Flower Power: Photographer Bettina Güber

By Jordan Kushins

We walk through this world with our eyes wide open, but there are wonders—of the squint-so-you-can-see-it, blink-and-you’ll-miss-it variety—that require a special kind of focus. Photographer Bettina Güber has made a habit of paying close attention to the kinds of things that others might pass by, and preserving their subtle beauty with her trusty Nikon.

Güber, who lives in Krefeld, Germany, has built up a robust Behance portfolio of evocative images of the natural world (some of which she also offers on Adobe Stock), but she didn’t always think of herself as a creative person. She credits the confines of a desk job with giving her a nudge to develop her artistic talents. “I was an office clerk back in the 1990s, and my boss decided that we should make our own flyers and brochures. So I started learning the graphics software—but without any artistic approach,” she says. (These days, she makes a living primarily as a media designer, crafting advertisements and collateral for a company that sells automotive spare parts.)

A small selection of Güber’s work that she has made available on Adobe Stock.


Güber picked up photography, in 2009, only as a favor to a good pal. “I bought a camera for a friend’s wedding in Istanbul because I thought someone had to capture the event; it was the first time I’d taken photos, and they were far from spectacular,” she says. “After I returned, I put the camera back on the shelf—and forgot about it.”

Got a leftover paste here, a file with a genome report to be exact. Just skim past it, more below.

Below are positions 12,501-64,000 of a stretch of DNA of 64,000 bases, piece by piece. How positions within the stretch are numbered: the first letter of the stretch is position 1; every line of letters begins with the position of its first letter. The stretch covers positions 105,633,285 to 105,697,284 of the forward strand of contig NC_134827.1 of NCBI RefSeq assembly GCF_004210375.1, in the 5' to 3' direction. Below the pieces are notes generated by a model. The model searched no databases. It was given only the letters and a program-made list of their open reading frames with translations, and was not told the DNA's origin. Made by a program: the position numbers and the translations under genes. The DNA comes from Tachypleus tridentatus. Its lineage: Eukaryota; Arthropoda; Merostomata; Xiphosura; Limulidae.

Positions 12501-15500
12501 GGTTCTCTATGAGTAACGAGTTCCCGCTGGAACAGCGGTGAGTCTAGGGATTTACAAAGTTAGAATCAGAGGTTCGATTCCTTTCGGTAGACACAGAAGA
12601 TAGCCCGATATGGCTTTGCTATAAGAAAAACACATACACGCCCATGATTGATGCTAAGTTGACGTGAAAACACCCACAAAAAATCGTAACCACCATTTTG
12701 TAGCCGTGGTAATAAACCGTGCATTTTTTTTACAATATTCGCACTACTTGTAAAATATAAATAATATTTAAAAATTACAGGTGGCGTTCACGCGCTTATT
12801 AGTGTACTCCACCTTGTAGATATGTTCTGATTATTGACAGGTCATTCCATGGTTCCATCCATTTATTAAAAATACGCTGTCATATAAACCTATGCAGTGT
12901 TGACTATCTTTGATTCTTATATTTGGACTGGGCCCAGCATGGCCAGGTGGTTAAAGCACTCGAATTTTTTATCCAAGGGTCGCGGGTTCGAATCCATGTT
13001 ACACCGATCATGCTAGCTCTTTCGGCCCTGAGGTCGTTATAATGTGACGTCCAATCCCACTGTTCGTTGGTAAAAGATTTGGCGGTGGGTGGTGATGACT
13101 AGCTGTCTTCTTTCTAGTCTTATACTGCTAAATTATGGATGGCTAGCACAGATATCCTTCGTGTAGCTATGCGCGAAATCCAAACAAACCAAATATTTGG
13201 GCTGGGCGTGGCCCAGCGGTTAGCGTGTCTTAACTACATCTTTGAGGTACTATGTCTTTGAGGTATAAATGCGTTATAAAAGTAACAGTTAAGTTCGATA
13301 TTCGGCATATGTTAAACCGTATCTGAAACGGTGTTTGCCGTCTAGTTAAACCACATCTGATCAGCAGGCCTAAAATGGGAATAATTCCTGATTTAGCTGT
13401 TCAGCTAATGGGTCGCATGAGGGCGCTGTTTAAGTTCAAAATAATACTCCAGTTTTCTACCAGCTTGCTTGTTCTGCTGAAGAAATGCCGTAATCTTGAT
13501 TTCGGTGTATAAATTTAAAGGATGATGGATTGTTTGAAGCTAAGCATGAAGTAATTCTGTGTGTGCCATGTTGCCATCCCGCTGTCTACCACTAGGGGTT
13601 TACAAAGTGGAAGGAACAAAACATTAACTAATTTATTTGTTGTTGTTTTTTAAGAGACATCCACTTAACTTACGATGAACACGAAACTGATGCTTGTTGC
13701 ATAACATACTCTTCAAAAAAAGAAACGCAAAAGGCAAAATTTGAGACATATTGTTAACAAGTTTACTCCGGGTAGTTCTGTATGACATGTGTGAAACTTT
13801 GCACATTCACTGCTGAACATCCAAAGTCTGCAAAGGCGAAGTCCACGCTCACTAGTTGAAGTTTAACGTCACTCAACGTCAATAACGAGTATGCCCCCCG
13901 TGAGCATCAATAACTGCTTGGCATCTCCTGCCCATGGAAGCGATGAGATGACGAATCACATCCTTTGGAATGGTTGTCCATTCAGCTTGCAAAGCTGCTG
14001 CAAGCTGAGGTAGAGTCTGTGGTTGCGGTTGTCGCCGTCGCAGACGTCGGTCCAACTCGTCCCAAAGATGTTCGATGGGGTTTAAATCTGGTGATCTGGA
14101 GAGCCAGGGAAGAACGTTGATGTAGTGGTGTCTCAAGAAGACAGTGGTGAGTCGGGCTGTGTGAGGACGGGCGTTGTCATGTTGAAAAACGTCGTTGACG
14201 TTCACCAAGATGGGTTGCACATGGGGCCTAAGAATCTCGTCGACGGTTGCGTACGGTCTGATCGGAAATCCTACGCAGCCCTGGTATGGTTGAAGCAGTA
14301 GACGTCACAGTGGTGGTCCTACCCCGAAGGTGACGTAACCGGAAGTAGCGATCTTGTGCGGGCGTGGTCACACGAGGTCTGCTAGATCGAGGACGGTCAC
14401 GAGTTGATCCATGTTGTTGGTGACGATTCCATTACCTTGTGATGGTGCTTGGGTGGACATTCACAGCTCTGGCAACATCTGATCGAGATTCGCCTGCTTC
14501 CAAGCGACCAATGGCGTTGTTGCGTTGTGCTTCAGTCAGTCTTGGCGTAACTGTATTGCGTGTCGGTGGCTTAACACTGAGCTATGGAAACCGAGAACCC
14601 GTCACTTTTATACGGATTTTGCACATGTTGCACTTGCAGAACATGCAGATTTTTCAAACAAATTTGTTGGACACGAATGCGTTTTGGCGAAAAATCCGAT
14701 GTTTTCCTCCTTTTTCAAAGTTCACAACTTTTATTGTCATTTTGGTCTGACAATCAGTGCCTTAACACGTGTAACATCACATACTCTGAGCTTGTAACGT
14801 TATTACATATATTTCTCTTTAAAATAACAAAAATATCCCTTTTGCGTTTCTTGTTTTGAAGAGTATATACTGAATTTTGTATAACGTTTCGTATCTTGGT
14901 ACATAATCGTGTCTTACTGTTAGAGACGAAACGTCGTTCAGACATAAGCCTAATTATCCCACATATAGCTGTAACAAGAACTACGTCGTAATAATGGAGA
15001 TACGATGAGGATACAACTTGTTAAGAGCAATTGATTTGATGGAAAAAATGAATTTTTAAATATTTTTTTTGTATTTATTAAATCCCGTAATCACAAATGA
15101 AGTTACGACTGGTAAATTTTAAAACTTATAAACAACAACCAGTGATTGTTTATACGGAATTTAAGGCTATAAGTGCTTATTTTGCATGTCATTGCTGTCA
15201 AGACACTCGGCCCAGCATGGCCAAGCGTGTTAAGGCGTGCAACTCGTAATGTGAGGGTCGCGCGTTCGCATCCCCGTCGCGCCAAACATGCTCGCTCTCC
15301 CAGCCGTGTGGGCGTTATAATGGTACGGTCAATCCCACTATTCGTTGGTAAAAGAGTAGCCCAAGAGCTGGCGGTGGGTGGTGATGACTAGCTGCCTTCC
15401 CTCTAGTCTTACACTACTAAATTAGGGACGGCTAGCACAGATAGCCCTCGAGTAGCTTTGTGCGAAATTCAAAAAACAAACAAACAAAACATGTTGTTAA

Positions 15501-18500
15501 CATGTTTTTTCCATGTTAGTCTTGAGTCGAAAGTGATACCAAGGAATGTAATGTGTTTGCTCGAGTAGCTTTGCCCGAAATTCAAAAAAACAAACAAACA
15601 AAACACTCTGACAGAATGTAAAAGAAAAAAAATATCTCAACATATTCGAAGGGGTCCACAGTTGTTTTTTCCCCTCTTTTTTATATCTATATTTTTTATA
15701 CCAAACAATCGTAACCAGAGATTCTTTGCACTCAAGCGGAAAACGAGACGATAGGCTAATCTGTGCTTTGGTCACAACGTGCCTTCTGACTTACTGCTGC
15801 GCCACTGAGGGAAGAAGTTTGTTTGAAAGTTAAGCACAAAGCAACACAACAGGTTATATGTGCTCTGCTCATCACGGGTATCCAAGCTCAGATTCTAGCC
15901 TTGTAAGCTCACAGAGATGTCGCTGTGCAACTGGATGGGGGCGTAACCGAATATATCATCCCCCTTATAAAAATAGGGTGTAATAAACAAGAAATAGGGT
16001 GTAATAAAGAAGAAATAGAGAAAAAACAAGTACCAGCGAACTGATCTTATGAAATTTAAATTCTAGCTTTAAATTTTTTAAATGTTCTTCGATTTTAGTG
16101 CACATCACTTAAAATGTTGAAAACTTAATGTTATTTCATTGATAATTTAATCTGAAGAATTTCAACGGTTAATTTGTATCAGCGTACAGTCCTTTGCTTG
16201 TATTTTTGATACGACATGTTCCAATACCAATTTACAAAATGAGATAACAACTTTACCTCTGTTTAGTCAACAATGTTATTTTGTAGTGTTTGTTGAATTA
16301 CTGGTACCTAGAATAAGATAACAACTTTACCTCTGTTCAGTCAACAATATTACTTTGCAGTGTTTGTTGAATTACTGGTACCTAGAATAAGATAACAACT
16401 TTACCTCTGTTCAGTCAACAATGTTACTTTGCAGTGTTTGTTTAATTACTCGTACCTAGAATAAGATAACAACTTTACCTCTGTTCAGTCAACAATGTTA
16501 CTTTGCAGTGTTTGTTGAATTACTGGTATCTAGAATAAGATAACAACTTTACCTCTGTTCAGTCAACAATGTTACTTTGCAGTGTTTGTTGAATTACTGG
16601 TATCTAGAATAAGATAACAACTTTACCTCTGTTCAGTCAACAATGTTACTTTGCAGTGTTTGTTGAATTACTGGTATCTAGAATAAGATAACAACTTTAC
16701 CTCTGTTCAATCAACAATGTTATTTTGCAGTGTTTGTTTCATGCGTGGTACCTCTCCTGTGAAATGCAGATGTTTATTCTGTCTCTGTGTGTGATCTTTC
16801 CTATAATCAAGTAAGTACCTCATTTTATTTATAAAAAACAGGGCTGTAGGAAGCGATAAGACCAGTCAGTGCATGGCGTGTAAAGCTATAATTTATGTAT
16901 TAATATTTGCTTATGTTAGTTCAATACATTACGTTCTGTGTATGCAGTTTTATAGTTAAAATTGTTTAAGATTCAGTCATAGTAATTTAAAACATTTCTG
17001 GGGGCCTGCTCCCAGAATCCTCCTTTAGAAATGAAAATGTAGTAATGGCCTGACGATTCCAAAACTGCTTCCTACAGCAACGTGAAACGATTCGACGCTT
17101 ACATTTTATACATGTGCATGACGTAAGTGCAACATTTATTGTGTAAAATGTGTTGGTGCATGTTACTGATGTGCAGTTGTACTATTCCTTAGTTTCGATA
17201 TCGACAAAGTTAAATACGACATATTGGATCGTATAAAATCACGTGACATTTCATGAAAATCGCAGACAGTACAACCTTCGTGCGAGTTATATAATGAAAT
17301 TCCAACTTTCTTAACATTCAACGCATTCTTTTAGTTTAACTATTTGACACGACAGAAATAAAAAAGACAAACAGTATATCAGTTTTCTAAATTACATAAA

As in this photo, Güber often takes a macro look at nature.

However, the experience stuck with her, and years later she decided to have another go. “I’m still wondering why I suddenly grabbed [the camera] again in 2012; there was no explicit trigger as far as I know.” But simply picking it up was, at that point, enough; she began to snap, with a serendipitous assist. “Right about then I also found my late father’s photo bag and a wonderful 105mm prime lens. I started experimenting in my backyard—not really knowing how to handle it—and was stunned. When I looked through that lens, there were all those amazing details we wouldn’t normally see. It was completely fascinating.”


After a period of trial and error, she felt that her pictures of flowers and insects were turning out particularly well, and she’s since developed quite a knack for framing what she finds in the fresh air. “Nature is always powerful and beautiful. I love the mood, especially in spring and fall, but I also like how it changes through the seasons; sometimes it’s joyful; sometimes, mystical or magical; sometimes, dark and sad or melancholic,” she says.

As her skills have evolved, so has her approach to, and relationship with, her enduring subject matter. “Trees always have a story to tell,” she says of the narrative running through series like Baby, it’s cold outside. “These were taken on a very cold Sunday morning. The sun was shining, and all the trees and the ground were white, and the colors were out of this world,” she says. “It was one of those magic moments and looked surreal.” To play up this somewhat dreamlike state, she gave the striking silhouettes a bit of a makeover. “I’m a big fan of surreal photography and digital art, so every time it’s possible to edit an image like this, I take the opportunity,” she says. Güber used Adobe Photoshop’s Motion Blur filter in the lower part of one image and blended it softly into the rest, to otherworldly effect (far right, below).